Speakers, from Europe and Australia, will include: Martii Koskenniemi of the University of Helsinki; Jaap de Hoop Scheffer of peaceLeiden University, formerly the Secretary-General of NATO; and Sarah Nouwen of Cambridge University. Many other experts will contribute perspectives, not only from law, but also from fields such as history and international relations.

Full program, other details, and registration available here.

shipsAMSTERDAM – Newly reopened following a 10-year renovation, the Rijksmuseum now tells tales of globalization. It is thus far different and more provocative than the art-house of old.

A gallery named “The Netherlands Overseas” confronts visitors with the reach of the Dutch, who established the multinational Dutch East India Co. in 1602 and ranged widely for centuries thereafter. Adorning the gallery’s walls are portraits of Dutch ambassadors. One rides horses with a pasha in Persia. Another poses in Jakarta with his half-Japanese wife. In showcases below, an array of artifacts – the blue and white porcelain renowned in China and Delft alike, woolen caps worn by Dutch whalers, silverware that once held coffee, tobacco, spices, and spirits.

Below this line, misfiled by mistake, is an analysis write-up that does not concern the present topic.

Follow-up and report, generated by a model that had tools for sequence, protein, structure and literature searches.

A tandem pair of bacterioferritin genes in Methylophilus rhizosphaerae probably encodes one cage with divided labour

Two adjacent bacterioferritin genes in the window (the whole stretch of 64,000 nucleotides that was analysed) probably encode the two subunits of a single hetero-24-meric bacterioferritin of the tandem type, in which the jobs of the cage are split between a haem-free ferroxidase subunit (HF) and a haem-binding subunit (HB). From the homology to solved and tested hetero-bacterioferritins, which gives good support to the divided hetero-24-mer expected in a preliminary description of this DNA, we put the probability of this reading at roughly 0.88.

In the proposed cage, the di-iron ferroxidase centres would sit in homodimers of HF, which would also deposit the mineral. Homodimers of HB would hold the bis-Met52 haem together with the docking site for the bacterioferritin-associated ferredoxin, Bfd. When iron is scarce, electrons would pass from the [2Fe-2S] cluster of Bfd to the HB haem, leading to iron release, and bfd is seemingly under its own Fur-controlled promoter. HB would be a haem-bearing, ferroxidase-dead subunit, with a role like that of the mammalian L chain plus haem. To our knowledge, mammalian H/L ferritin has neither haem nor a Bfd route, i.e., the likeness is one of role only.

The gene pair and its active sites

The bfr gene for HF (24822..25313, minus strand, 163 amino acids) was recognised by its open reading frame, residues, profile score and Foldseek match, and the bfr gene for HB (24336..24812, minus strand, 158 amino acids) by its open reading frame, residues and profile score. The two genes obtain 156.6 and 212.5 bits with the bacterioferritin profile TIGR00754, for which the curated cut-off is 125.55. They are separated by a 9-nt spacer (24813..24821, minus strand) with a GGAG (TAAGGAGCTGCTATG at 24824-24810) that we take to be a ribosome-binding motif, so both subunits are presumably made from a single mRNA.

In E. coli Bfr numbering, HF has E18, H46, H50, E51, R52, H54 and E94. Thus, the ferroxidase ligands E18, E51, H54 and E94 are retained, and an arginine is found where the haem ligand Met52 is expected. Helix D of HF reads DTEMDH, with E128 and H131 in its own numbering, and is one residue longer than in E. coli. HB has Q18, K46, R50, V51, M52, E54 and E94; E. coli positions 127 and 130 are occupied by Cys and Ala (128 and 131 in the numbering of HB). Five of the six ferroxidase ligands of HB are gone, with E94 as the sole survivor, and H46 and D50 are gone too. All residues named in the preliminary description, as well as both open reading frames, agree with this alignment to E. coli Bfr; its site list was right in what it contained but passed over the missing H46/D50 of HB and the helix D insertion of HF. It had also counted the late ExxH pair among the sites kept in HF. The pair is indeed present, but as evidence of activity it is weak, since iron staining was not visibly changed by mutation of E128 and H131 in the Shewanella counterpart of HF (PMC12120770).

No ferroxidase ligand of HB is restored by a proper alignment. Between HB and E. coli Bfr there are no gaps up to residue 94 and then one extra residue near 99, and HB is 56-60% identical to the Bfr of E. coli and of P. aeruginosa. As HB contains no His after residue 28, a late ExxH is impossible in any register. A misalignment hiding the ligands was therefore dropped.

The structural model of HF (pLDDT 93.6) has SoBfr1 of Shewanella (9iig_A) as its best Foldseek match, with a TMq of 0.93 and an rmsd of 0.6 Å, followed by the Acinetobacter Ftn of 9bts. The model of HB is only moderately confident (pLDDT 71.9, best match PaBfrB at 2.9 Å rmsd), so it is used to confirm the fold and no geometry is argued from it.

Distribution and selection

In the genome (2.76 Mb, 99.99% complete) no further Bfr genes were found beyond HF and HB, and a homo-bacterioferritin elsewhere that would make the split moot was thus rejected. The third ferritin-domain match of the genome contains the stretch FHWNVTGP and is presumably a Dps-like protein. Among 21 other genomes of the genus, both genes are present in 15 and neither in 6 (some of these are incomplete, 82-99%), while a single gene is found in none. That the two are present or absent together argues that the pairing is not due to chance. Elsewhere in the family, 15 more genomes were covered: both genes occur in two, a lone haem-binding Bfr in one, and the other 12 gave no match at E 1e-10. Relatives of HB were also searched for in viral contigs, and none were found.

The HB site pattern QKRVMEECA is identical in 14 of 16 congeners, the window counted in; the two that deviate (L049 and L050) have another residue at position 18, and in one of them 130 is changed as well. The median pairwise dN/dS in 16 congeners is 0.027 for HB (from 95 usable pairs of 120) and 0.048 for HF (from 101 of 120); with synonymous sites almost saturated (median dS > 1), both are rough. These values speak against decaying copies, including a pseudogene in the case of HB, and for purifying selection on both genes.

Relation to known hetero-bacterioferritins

Throughout the museum Java and Molucca, India and Australia, Suriname and Brazil, North and West Africa, even Norway and Sweden, are invoked. Colonization is evident, not the least in the depictions of servants, some named, some not, beside the Lowlands envoys. Also present is international law, with major treaties marked by medals and epic paintings. Marked by the rijks_camp2013roomful of model ships above, moreover, is the warfare once conducted in the name of commerce and colonialism.

It is in the 20th C. gallery atop the museum that visitors encounter another sobering aspect of world events. The striped jacket at right once was worn by Isabel Wachenheimer, a 16-year-old German whose Jewish family had sought refuge in Rotterdam from the Nazis. After the Netherlands was occupied, all  were deported to Auschwitz, where her parents perished. She would be liberated at Mauthausen, a concentration camp in Austria where a fifth of the inmates were teenagers. Isabel, who became a U.S. citizen in the ’60s, kept her Mauthausen jacket. It’s described in museumspeak as “Germany, after 1938. Rags printed with blue ink, plastic.”